Childish but clever, with mockery and parody joke ingredients that savvy adults can devilishly giggle at. The LEGO Movie is done with stop-motion animation, creating the illusion of LEGO toys moving in seamless sequence. Slyly, the fantasy world imagined is a fascist state distracted by constant dumb-down entertainment and instruction booklet laws. Vanilla guy Emmet (Chris Pratt, voice-by) works daily as a lowly construction worker, living in a bric-a-brac apartment, bopping along to the city anthem “Everything is Awesome,” and is absent of any individuality. The fiendish President Business (Will Ferrell) reigns over all, and so disgusted by nonconformity that he vows to end the world by unleashing the Kragle, a laser-like tip weapon that shoots… well, it’s very much a Bond villain weapon.
The plot is simple enough. Can Emmet rise from ordinary guy status to become the One to save humanity? If you thought that some of this sounds like “The Matrix” and Wachowski movies in general, you are correct. And please note, there is a dash of the remake of “Total Recall” fascist-world story in there, too. Everything though is done with such gleeful, cheeky humor and plastic-breaking action (And lasers! Blast the lasers!), that it’s all in kiddie age-appropriate fun.
Our ineffectual hero gets lots of help from more crusading figures: Batman (Will Arnett), Green Lantern (Jonah Hill), Abraham Lincoln (Orville Forte), Superman (Channing Tatum), a white-haired wizard named Vitruvius (Morgan Freeman, hilarious in his austerity), and a renegade chick who would be a better One named Wyldstyle (Elizabeth Banks). The One is supposed to be a Master Builder, but Emmet, despite his construction background, has no talent for it. President Business’ right-hand man is schizophrenic Bad Cop (Liam Neeson), who hunts Emmet and the good guys in-between western worlds and cloud worlds, and even an underwater world.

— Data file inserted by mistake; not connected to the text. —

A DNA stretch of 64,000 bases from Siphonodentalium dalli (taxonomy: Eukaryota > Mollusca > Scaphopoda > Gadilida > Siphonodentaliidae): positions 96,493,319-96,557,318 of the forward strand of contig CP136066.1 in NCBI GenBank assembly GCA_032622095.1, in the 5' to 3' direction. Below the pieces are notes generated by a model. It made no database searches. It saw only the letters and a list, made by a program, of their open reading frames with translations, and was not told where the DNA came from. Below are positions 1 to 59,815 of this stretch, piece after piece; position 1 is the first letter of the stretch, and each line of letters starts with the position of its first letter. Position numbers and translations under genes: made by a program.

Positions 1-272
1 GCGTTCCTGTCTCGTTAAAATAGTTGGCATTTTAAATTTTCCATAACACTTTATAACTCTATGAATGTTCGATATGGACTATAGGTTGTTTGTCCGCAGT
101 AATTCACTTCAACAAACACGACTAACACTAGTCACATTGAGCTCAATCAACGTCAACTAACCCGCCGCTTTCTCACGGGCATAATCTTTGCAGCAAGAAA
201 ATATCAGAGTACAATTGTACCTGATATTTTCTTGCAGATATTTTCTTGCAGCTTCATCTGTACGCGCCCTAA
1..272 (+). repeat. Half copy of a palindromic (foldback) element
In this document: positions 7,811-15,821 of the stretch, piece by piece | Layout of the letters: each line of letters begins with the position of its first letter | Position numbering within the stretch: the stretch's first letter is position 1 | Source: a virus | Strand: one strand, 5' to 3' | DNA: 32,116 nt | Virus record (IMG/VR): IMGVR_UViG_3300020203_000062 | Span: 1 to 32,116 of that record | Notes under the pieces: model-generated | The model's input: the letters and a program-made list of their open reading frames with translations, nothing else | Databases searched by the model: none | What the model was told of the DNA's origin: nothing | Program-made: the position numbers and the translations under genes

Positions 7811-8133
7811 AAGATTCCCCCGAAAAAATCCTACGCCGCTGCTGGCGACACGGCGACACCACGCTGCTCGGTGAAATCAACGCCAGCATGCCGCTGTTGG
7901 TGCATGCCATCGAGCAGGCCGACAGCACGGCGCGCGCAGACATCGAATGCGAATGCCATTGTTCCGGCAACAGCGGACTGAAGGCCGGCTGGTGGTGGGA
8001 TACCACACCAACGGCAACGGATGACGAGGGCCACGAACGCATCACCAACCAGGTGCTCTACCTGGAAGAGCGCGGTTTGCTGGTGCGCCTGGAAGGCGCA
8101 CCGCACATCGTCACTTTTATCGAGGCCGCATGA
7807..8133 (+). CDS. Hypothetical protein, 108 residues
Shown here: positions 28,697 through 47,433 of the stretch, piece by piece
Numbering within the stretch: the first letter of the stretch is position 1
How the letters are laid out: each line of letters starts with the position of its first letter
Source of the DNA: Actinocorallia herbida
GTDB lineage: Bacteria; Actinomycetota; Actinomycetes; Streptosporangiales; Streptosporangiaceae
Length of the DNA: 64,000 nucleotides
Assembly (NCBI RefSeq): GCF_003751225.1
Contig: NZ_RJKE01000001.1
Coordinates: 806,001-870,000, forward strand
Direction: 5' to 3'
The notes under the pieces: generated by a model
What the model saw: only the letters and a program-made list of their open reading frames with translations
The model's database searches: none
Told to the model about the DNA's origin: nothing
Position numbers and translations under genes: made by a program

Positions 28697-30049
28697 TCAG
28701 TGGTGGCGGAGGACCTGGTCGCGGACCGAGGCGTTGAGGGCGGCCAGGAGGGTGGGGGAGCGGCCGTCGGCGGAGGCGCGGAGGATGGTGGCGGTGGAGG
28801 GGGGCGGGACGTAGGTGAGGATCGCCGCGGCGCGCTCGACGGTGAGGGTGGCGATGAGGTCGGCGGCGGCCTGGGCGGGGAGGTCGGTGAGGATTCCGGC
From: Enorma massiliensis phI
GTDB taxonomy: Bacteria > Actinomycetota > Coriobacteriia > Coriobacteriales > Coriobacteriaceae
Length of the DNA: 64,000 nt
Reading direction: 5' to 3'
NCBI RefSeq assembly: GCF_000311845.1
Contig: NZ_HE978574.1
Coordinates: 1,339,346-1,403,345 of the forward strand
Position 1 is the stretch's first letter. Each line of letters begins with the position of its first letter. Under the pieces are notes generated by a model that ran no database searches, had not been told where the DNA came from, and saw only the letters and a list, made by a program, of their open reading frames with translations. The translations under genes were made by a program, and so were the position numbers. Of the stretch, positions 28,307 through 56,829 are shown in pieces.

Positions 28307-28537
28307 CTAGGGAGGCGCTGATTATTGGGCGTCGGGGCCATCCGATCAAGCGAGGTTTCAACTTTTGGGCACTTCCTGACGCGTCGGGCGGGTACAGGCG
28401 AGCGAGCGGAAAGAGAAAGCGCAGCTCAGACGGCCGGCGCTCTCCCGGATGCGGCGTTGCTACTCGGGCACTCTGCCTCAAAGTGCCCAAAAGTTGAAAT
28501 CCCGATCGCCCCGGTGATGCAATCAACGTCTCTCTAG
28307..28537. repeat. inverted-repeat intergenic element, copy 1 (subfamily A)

There is another remarkable world, too, for a LEGO character breaks the fourth dimension to enter the human world. It made little sense, plot-wise, until I sat back and considered the scene through the eyes of a 5-year old, and I smiled when I found myself using that kind of innocent imagination. Conventional logic is not rewarded here. I ultimately didn’t care though that much of the hero overthrew fascism, in fact, hours later the ending just sort of evaporated from my mind. I laughed hardest during the early scenes best when the movie draws into this very regulated, cog-driven fascist state that placates the people with that catchy-annoying song, designer coffee, and pants (!).
I see hundreds of movies more than the average person each year. “The LEGO Movie” is not going to be one that I will remember wholeheartedly, I will not be able to quote it (except the three lyrics of that whacked song), but if it came on television one day I would probably watch it a few minutes here and there. But I think young kids not oversaturated with too many movies in their brain (like I am) are going to love this movie for a long time. It’s delightful and it has clean humor, which “Team America: World Police” did not. What’s also funny is that it is actually well-constructed, err, well-made.
101 Minutes. Rated PG.
FAMILY ANIMATION MOVIE / GOOFY / WEEKEND FAMILY MOVIE
Film Cousins: “Toy Story” (1995); “The Matrix” (1999); “Team America: World Police” (2004); “Wall-E” (2008).